– Angie Kim, bestselling author of Miracle Creek
"Copenhaver has crafted a tangle of mysteries as beautifully woven as a spider’s web. Ominous asides hint at the darker story to come: false identities, forbidden liaisons, and murderous family secrets. Nothing can be guessed because nothing is as it seems, except the affection between the two friends who team up to solve a classmate’s death. An enthralling, genre-bending read from the first word to the last."
– Timothy Jay Smith, author of Fire on the Island
"Wow. The Savage Kind is evocative, seductive and rivetingly creepy. John Copenhaver proves he is a brilliant talent, and this gorgeously unsettling story of power, control, gaslighting, and murder is not to be missed."
– Hank Phillippi Ryan, USA Today Bestselling author of Her Perfect Life
“Copenhaver’s tale unfolds via breathless diary entries from both girls, strung together by an anonymous narrator in 1963. A profusion of devastating twists complements the pulp-noir tone and keeps readers on tenterhooks, and a tentative romance between Judy and Philippa adds depth. Megan Abbott fans, take note.”
– Publishers Weekly
Praise for Dodging and Burning:
“A riveting debut. The intricate plot melds a coming-of-age story, a coming-out tale and a mystery with realistic characters who want to be accepted for themselves. The brisk pace is augmented by the character studies and an in-depth look at gay rights. Copenhaver brings a new voice to this genre with Dodging and Burning.”
– Oline Cogdill, Associated Press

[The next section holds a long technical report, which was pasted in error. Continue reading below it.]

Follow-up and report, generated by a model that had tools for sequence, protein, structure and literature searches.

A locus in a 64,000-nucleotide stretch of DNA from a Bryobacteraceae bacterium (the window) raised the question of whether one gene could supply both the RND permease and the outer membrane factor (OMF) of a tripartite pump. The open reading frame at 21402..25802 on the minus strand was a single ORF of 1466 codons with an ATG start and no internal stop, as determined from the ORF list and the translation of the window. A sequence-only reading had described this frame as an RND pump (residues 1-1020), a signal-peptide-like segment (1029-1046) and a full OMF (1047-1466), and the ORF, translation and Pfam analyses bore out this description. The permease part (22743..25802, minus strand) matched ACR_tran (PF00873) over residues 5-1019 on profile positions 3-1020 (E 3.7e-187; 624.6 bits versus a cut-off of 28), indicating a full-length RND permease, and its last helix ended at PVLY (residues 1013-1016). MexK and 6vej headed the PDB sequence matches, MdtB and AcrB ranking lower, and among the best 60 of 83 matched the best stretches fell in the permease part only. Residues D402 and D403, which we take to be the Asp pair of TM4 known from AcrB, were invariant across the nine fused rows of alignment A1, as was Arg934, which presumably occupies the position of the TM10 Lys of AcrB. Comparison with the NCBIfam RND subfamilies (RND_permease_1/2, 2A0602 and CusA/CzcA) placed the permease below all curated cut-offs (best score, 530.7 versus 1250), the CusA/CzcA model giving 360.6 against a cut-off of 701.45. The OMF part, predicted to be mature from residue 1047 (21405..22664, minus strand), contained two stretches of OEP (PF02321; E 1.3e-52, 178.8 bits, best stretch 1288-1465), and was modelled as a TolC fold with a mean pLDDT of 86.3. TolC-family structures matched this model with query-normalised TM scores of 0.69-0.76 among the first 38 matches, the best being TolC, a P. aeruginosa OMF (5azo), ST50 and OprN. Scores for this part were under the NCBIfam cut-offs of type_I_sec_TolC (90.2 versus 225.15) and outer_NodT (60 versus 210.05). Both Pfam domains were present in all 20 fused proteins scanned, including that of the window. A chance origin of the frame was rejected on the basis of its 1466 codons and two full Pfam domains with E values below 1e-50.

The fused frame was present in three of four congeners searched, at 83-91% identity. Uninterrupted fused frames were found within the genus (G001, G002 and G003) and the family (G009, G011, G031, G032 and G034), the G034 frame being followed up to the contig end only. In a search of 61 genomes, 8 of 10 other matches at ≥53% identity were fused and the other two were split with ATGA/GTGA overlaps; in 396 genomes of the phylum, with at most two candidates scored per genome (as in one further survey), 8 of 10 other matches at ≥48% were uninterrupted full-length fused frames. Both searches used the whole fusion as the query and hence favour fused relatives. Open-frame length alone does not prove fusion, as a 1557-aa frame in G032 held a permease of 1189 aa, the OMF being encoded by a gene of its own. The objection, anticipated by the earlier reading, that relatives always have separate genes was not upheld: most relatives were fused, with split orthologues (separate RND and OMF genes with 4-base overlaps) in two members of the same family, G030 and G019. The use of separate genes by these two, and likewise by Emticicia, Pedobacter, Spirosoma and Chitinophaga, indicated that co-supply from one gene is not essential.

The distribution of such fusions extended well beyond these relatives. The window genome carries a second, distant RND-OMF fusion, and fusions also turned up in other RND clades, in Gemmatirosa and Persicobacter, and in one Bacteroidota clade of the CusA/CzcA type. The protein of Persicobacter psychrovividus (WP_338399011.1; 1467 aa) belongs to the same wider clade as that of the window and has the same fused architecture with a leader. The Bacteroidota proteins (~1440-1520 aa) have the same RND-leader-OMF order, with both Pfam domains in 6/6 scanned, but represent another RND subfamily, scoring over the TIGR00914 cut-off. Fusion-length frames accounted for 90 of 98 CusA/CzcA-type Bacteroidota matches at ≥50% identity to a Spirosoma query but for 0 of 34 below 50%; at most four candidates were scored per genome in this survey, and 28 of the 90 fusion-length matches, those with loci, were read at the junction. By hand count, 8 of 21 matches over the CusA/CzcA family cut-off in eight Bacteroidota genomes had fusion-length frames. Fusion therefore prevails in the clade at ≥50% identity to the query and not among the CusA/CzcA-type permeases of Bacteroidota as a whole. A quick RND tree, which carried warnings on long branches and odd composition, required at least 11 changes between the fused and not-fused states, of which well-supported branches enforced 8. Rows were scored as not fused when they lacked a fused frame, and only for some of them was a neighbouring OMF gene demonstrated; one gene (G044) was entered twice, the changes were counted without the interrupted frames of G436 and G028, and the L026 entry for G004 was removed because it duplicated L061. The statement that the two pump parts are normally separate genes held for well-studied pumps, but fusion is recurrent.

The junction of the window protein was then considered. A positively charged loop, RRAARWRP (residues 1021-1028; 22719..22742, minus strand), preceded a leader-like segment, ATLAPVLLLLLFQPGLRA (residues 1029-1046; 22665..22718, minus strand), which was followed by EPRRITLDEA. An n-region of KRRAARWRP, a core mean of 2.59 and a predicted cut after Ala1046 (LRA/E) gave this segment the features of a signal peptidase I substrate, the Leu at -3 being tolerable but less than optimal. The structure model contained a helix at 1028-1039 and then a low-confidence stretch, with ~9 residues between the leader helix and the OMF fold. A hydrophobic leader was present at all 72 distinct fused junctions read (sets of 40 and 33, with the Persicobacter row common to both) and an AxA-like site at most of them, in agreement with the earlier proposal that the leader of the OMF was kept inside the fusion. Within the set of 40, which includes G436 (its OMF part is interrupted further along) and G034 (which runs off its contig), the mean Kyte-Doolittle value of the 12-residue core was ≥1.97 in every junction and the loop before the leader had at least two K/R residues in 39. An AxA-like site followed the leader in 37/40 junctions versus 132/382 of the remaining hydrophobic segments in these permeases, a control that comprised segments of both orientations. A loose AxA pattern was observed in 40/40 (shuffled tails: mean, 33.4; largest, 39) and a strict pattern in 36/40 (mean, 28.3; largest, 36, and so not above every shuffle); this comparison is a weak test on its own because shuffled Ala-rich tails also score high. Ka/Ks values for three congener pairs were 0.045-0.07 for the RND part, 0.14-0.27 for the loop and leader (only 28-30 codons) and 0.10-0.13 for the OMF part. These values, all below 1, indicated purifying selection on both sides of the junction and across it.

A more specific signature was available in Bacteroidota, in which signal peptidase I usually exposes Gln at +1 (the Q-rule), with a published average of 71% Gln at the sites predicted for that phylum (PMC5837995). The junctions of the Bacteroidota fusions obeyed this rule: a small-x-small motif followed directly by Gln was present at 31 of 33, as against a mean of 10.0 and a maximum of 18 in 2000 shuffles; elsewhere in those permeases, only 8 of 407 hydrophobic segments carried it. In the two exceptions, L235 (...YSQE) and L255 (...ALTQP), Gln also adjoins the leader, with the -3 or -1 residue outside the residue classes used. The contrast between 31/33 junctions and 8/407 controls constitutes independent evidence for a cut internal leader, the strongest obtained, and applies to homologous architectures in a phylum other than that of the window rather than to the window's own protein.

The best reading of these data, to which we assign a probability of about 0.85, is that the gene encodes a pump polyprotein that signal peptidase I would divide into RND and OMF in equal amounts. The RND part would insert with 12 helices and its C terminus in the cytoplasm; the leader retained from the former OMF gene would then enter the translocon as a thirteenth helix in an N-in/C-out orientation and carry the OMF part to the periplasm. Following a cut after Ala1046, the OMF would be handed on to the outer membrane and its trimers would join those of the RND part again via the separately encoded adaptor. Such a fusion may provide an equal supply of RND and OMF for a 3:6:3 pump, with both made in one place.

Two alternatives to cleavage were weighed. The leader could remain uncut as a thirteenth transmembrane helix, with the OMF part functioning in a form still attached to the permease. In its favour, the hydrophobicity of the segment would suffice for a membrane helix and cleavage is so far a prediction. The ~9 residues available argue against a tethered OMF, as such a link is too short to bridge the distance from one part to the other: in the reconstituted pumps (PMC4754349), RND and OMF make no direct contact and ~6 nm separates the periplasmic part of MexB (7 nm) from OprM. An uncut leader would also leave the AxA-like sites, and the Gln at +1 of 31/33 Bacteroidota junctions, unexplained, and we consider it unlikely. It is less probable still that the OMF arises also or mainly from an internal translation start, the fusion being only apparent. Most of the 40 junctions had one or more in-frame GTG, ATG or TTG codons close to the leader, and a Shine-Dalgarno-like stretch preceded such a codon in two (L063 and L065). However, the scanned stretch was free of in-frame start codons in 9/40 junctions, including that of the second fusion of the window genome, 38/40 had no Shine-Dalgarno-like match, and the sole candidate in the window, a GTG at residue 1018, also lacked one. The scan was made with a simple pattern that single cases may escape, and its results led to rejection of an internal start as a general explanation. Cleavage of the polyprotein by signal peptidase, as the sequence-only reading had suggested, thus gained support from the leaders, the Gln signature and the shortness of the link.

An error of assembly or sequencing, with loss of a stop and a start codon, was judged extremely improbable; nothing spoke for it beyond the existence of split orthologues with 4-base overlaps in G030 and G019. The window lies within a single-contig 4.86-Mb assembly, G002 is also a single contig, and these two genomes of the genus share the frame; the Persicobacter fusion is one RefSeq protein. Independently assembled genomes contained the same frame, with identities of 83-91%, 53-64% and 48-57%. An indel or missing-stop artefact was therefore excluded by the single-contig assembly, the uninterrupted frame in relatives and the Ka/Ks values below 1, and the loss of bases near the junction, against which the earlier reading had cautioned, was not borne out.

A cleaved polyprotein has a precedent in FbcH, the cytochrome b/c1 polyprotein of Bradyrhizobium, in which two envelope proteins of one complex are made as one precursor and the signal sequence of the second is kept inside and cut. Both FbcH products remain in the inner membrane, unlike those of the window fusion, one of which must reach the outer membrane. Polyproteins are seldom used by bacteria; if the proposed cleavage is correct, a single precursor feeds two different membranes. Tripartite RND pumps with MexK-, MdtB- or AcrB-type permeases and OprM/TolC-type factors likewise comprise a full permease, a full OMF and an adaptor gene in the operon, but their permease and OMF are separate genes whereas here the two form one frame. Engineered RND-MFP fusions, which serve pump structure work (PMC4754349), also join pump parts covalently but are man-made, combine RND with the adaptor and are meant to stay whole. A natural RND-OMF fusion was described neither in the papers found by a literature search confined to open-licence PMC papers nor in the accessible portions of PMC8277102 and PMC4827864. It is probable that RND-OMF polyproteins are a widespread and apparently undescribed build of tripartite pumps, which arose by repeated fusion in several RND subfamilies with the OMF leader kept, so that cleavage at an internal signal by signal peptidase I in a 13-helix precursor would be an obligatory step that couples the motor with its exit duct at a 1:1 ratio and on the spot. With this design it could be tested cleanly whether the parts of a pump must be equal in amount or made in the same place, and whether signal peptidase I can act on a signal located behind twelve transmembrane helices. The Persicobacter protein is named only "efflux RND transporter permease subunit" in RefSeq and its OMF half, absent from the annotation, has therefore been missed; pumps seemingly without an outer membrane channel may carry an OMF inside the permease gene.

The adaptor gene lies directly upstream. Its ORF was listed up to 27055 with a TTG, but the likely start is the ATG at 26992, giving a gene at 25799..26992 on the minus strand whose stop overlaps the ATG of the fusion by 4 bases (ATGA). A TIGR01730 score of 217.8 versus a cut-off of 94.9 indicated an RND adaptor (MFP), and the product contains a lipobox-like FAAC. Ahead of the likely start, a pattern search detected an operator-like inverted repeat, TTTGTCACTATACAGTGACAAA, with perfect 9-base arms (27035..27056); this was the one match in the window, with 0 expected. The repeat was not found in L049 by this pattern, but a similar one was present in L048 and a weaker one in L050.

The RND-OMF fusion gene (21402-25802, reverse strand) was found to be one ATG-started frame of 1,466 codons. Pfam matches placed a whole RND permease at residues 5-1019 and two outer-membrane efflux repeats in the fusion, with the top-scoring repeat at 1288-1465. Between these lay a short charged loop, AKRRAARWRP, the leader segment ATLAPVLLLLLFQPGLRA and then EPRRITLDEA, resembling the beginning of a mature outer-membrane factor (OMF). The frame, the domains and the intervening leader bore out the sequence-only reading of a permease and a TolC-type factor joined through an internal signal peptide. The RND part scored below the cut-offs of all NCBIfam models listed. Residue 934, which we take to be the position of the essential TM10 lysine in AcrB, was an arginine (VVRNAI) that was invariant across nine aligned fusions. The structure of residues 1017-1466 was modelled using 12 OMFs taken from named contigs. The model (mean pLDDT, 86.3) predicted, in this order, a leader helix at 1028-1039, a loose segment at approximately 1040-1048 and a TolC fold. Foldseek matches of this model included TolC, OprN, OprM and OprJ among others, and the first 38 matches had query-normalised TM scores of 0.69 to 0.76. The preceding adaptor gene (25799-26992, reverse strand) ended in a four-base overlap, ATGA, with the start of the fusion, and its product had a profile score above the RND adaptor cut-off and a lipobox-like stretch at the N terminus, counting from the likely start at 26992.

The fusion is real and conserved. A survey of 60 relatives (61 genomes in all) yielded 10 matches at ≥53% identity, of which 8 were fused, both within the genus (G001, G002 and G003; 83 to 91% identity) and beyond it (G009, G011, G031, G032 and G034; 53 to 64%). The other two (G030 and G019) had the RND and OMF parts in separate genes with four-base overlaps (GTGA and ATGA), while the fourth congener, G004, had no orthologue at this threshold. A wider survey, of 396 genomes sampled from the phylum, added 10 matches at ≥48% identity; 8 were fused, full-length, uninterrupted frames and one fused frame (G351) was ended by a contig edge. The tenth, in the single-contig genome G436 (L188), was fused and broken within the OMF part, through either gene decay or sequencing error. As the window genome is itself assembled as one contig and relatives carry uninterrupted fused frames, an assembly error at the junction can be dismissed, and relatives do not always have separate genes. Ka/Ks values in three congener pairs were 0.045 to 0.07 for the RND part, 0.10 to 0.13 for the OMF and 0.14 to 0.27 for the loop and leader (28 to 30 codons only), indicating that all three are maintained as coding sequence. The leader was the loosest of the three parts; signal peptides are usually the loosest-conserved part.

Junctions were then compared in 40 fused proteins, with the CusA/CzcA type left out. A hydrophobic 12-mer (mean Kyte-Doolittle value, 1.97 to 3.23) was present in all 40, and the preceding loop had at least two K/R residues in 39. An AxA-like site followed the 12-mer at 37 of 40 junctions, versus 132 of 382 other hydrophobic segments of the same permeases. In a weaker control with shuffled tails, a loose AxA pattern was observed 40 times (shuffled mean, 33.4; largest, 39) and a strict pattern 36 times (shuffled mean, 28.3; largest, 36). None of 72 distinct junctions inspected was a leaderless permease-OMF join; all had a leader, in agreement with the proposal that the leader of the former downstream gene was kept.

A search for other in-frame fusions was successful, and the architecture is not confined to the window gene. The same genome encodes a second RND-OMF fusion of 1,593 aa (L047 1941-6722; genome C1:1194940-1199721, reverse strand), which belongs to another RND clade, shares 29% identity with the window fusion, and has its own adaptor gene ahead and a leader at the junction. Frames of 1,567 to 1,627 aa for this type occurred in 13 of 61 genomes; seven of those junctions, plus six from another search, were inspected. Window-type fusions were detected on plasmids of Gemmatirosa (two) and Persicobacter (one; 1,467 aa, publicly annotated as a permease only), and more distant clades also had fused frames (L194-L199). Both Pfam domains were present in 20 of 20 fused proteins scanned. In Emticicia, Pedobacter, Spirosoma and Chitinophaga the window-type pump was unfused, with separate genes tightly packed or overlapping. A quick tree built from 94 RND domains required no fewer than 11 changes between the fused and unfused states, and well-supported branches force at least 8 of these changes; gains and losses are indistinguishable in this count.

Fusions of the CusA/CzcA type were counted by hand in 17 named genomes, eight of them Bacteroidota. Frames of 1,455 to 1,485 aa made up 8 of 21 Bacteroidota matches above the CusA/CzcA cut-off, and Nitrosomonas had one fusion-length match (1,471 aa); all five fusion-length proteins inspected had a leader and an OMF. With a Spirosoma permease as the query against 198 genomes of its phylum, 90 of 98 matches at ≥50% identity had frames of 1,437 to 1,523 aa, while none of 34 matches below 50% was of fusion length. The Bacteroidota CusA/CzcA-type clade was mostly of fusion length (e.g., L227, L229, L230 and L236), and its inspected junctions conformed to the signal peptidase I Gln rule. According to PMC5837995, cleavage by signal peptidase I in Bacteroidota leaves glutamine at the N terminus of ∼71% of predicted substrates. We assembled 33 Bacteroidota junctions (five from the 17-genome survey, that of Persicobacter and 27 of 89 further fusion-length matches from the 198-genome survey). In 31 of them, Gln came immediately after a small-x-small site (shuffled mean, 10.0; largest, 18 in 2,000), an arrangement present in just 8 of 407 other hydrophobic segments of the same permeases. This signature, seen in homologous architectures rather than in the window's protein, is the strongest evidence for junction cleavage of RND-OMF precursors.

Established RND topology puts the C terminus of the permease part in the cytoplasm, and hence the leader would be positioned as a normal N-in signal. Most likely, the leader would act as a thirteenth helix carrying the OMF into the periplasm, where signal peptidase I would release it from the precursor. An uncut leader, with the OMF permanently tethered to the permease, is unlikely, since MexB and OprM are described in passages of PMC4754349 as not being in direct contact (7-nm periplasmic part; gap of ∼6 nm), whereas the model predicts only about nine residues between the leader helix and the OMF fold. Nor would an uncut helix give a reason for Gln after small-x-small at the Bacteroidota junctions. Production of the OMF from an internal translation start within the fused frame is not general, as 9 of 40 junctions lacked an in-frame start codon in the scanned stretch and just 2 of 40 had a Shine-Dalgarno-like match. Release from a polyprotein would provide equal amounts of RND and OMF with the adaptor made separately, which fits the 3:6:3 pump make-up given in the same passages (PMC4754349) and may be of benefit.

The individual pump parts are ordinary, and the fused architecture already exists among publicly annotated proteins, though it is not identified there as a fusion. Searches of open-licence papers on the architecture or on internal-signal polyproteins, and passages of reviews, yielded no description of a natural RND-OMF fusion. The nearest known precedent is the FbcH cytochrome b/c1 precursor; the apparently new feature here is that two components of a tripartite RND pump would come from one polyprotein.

“Copenhaver makes a powerful debut with this unconventional novel that mixes a coming-of-age tale with a puzzling mystery and a haunting portrait of the experiences of the LGBTQ community in the 1940s.”
– Library Journal (starred)
“Complex and multilayered, Copenhaver’s outstanding debut combines a murder mystery with a coming-of-age tale. Copenhaver’s darkly lyrical exploration into the consequences of war?and prejudice?in small-town America will resonate with readers long after the last page is turned.”
– Publishers Weekly (starred)
“LGBTQ crime-writing has its heroes. John Copenhaver lists many of them. He may have to add himself to that list now.”
“The level of detail in [Copenhaver’s] novel Dodging and Burning displays in full measure the demanding research required to uncover the hidden history of a community marginalized and rendered virtually invisible for much of the twentieth century.”
– Katherine V. Forrest, author of The Kate Delafield Mystery Series
“Set in 1945, Dodging and Burning is a striking and important debut illuminating the twin traumas of war and repressed sexual identity. A beautifully rendered literary mystery centered around a missing girl and a WWIII photographer’s journey toward adulthood and self-acceptance, the novel keeps you guessing until the very end.”
– Aline Ohanesian, author of Orhan’s Inheritance
“The mystery also becomes an examination of gay life in the 1940s. The setting is well realized, and, interestingly, in its diction and syntax, the book reads as if it might itself have been written in the 1940s.”
“Dodging and Burning is a beautifully rendered coming of age story, a compelling exploration of a young man’s struggle with his sexual identity amid the evils of war, and an impeccably executed crime novel that keeps you guessing and ultimately strikes a deep and resounding emotional cord.”
– Ayelet Waldman, author of Love & Treasure and A Really Good Day